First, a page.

This theorizing is relevant to working authors in one way: it reminds us we have one shot at communicating what we want.
Yeah, I'm alive and I have an intent, but since I can't hover over your shoulder explaining everything in my stories, I need to bring my craft up to the highest level I can. I need to sweat and fuss, and then let go. But even if I do that, even if I do the best job I possibly can of sharing what's going on in my head, the reader is still an active participant, still the one that does the work of decoding. (Lots of fun technique uses that to the writer's advantage!) What happens in my readers' heads isn't entirely in my control.
Ars Draconis is the first experience I've had with reader interpretation varying greatly from mine.
I set out to write genfic. I wanted a close partnership story between Giles and Buffy, but I also wanted to put that partnership under stress by making Giles much stronger than he was before. Buffy has been the hero unchallenged; now there's another hero standing alongside her. How does she cope? How does Giles cope with the cost of becoming a hero? I have already told you (more or less) how the sword is activated; the next chapter will show it happening. How do they all deal with the side effects? There's also an undercurrent of one of the character issues I am apparently fascinated with as a writer, the issue of the strong and capable person who chooses to serve someone else.
Nobody reads as closely as the writer does. I knew as I went that the hints might or might not be picked up by my readers. Hints are clear in retrospect; they need to be there or the reader feels cheated, but they might or might not be understood the first time through. The red herrings make it harder. It's a game we play with each other, writer and readers, for our mutual pleasure. But still, I pay way more attention than you do, perforce.
I didn't set out, intend, consider, want, or imagine that people would read Giles/Buffy into that story. But they have. Just about everybody who's written to me about it has. (With one exception, who wanted Ethan, to which I will only say: I know what my final scene is. And no, this isn't me saying it's a G/E story, 'cause it isn't, just that Ethan... argh. Never mind.) Smart people, some of my very favorite conversationalists here, have read it that way.
So what's going on?
Item: The writer's subconscious affects stories in surprising (to the writer) ways. Giles/Buffy is my OTP for a number of reasons, some of which are factors that drive the story in Ars Draconis. It should not surprise me that the undercurrents show up there. I might really have been writing G/B all along. I knew I'd written some moments of UST along with the friendship. Don't we all have moments like that with people we don't really want to have relationships with? Moments of mmmm that we don't need to follow up on?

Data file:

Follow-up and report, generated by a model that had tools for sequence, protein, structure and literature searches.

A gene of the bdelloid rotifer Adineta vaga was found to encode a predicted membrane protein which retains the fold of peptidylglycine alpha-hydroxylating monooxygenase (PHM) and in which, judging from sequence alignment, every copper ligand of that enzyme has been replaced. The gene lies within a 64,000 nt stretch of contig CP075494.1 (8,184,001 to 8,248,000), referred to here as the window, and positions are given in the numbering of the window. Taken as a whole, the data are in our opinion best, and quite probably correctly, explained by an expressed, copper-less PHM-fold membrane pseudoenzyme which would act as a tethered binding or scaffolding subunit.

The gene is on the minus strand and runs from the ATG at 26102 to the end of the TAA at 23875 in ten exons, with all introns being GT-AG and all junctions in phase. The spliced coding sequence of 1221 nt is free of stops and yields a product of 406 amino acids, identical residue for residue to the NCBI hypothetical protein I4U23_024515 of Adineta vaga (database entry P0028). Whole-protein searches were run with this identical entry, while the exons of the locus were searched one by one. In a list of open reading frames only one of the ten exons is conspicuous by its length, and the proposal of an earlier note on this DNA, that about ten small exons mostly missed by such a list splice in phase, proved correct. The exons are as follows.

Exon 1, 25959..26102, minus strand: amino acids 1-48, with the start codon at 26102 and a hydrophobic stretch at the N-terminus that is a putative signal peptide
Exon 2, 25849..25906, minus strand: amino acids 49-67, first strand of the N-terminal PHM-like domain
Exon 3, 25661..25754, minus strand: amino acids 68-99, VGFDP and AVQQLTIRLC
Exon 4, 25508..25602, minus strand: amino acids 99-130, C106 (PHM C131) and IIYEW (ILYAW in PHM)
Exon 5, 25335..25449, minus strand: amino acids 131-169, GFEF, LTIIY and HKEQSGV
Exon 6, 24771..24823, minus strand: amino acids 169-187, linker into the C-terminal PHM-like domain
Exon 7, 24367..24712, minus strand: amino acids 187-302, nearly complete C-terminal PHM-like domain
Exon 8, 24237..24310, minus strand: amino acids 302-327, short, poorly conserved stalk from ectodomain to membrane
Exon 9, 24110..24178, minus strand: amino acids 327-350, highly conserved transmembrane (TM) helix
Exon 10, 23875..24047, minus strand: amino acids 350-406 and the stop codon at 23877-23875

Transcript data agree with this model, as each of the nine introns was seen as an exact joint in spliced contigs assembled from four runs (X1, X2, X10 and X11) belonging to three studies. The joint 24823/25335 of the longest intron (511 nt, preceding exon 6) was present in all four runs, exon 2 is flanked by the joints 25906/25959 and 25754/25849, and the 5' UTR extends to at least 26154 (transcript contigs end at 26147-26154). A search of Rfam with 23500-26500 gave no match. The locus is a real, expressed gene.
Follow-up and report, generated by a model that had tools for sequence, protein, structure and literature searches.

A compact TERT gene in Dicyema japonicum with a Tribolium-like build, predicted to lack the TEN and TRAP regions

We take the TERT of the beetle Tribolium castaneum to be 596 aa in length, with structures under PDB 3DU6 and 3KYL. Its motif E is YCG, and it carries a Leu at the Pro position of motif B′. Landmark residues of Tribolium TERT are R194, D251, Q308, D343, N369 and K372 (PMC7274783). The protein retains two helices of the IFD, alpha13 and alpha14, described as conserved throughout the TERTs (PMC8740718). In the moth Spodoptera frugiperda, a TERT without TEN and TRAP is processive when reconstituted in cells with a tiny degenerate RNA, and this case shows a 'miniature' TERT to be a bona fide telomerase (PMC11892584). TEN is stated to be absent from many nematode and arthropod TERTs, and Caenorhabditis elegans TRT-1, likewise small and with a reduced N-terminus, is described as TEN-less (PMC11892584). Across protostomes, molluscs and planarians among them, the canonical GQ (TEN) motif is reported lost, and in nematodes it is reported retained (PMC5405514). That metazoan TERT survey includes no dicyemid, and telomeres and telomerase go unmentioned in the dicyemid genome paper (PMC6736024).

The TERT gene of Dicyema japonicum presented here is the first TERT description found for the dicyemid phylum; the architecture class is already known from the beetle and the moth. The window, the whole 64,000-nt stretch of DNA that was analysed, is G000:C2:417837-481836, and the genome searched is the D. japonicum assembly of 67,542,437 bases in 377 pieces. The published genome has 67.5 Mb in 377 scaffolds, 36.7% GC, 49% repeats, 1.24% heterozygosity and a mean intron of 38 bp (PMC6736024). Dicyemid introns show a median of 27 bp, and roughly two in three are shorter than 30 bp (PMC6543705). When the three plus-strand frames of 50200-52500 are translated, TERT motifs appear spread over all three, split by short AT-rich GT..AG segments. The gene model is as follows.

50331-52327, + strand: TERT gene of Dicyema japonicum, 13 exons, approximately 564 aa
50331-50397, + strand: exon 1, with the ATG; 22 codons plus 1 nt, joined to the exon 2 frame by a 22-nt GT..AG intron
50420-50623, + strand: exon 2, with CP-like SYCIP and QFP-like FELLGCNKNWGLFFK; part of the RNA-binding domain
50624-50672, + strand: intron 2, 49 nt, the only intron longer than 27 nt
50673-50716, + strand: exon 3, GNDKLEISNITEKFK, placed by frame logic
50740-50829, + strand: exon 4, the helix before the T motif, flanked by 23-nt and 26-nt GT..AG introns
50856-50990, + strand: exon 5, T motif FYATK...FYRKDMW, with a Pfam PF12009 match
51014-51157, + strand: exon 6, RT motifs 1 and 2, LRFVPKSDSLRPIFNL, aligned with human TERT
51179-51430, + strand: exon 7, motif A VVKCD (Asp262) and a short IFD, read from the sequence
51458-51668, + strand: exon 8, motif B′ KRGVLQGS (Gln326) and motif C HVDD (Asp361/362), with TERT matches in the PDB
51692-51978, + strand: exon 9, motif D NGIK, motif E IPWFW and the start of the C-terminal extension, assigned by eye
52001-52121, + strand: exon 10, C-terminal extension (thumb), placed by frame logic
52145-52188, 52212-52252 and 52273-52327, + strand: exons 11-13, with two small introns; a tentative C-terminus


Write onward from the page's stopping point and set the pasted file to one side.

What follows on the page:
Item: Fans sexualize everything. I do not exclude myself here. Two core drives: we want to spend more time with beloved characters, and we want to make real the relationship subtexts we see. (That was the practice's origin, anyway. It's now something more than that: it's a habit. Fans pair characters played by good-looking actors without needing subtext any more. But that's another essay.) We make them real by expressing them in sexual contexts, even if it's a teen-rated smooching context. The reasons why are complicated. I find the biological drive sufficient explanation, so I don't want to look further just now. Let's just accept that we sexualize.
Item: Fanfiction readers are appropriation-prone, more so than most readers. That's what drives them to read and write fanfic. They are more willing to read their interpretations into what's on the page.
Item: Readers bring expectations to stories. All readers, not just fanfic readers. It's fanfic, which means shippiness can be reasonably expected. It's fanfic written by me, which means Giles/Buffy can be reasonably expected.
Result: The "gen" label I've stuck onto the story is overwhelmed.
If the story were a completed thing, I'd take notes and move on. I think it's only a problem because the story is a work in progress. The feedback has the potential to affect how I write the rest of it. Competing urges: please the crowd! Do the exact opposite! Become all neurotically worried about how it's being read and find one's self incapable of writing the next installment!
In other words:
"Wow, I guess I'd better write mumble and mumble as a couple or my readers will be upset."
"Oh dear. People seem to be reading RL as gay! But he's not! I know. I'll marry him off."
"Holy crap, what have I been writing? What if I meant to do that? If I write what I want to will people hate it? Arrrrrrrrrgh!" <---- writerly neurosis of the sort I am prone to
So how should I react?
There's an Oblique Strategy I love: Honor thy mistake as a hidden intention.
Writing is too difficult a task to be entrusted to the conscious mind.
What does that mean? Nothing I'm going to reveal specifically here. I'm going to follow my plan (where I have one), write to reach the climactic confrontation I've wanted to reach all along, end with the decision I've been seeing in my head all along. Everywhere else, I'll follow my nose. If it turns out my subconscious has had a plan that my stupid conscious self hasn't realized, I'll run with it.
What I've learned:
+ I'm deeply grateful that people have cared enough about one of my stories to have opinions about where it should go. Love!
+ [sneaky] Figure out what I did that got this sort of response. Do it again.
+ I'm going to find a way to ignore you so I can write a story that does what I want it to, trusting my own instincts and artistic drives.
+ This is one of the many pitfalls of writing serials.
How do you cope, oh serial writers?